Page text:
Tractebel wins Rs45cr ($10m) FEED study for Mundra

Vol 13, PW 3 (16 Jul 09) Midstream & Downstream

GSPC is moving closer towards construction of the Mundra LNG terminal on the Gujarat coast.

PETROWATCH learns that on July 4, GSPC awarded Tractebel the contract to carry out the Front End Engineering and Design (FEED) study of its proposed new LNG receiving terminal at Mundra, at an estimated cost of Rs45cr ($10m). Journalists in Ahmedabad were last week told to attend a press conference in Gandhinagar on July 7 for the announcement, but this was abruptly cancelled at the last minute because the Gujarat state assembly is still in session.

GSPC sources tell us the formal announcement will now be made in mid-August by Gujarat state energy minister Saurabh Patel alongside senior Tractebel executives Christian Pierlot, executive vice-president (power & gas), Daniel Acheroy, LNG technical director, and project manager (Ms) Lorena Iglesias Albacete. Tractebel is already familiar with the Mundra LNG project.

In November 2008, it completed a Detailed Feasibility Report (DFR) of the port after which GSPC commissioned separate â€کseismotectonic’ studies to measure the distance of the site’s fault lines, which are nearing completion. GSPC tells us it believes the FEED study will be completed in six to nine months from now, following which the company will begin the process of finding the money to build the terminal.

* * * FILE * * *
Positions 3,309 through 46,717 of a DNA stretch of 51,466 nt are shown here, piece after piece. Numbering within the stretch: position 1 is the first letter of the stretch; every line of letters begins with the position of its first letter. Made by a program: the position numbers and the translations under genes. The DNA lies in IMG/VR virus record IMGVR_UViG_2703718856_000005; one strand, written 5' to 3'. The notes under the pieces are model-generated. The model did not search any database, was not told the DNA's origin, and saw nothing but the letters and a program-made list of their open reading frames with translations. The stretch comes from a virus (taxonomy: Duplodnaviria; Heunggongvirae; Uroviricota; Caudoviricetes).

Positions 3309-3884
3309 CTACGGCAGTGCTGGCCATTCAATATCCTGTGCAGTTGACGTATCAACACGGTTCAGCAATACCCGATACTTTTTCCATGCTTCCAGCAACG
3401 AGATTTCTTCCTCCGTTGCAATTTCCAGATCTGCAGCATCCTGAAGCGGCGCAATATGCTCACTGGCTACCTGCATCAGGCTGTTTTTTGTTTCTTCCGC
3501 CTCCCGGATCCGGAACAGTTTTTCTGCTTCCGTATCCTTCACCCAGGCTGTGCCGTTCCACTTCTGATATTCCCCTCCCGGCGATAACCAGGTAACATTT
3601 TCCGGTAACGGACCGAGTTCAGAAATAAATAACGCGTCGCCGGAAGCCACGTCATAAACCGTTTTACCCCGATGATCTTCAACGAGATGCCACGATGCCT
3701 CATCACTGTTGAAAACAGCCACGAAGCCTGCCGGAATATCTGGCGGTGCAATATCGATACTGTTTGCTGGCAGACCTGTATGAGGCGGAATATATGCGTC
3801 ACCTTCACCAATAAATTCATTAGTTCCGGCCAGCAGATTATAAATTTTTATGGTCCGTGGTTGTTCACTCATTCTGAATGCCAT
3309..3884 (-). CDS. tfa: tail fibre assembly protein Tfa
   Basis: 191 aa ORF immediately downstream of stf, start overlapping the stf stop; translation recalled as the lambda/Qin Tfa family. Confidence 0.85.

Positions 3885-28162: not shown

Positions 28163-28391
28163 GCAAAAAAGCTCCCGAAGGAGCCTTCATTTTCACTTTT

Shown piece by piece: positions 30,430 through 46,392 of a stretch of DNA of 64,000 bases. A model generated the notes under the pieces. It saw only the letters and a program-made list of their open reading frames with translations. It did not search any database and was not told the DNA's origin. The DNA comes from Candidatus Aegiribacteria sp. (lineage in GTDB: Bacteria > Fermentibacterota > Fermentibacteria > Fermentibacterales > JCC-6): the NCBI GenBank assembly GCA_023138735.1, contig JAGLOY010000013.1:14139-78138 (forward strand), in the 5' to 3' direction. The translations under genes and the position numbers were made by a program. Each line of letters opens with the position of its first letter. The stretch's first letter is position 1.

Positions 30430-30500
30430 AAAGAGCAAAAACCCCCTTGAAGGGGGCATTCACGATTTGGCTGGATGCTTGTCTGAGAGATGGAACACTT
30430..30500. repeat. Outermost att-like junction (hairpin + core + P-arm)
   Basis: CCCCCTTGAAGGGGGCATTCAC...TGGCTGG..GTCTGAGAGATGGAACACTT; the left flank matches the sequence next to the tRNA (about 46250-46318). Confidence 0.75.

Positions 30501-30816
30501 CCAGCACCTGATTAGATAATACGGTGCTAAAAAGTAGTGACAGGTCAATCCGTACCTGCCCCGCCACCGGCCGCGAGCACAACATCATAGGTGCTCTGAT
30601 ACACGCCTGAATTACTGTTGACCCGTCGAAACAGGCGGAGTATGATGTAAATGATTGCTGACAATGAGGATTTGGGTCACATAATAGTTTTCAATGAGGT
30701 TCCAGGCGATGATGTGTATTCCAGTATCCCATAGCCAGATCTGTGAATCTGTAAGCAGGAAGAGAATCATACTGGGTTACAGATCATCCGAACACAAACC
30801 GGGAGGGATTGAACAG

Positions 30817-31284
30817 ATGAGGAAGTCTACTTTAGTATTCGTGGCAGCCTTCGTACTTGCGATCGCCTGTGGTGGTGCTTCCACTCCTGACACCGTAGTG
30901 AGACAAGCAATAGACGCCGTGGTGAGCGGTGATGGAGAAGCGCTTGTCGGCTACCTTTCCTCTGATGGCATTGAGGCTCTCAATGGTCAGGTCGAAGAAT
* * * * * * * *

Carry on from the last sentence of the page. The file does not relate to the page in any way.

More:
“Once the FEED comes in, six more months will be needed for financial closure, tendering and EPC finalisation,â€‌ says a source. “Then construction work will start in the last quarter of 2010.

â€‌ Despite cynicism from rival LNG operators, GSPC LNG, a Special Purpose Vehicle, set up to take the project forward, is planning a 5m t/y nameplate capacity terminal to go on stream end-2013 or early 2014 with plans to ramp up to 20m t/y in phases. In May this year a team of GSPC engineers visited the Zeebruge LNG terminal in Belgium on a familiarisation tour.

“The visit was very useful,â€‌ we hear. “This is the first time the team could see firsthand how an operating terminal works.


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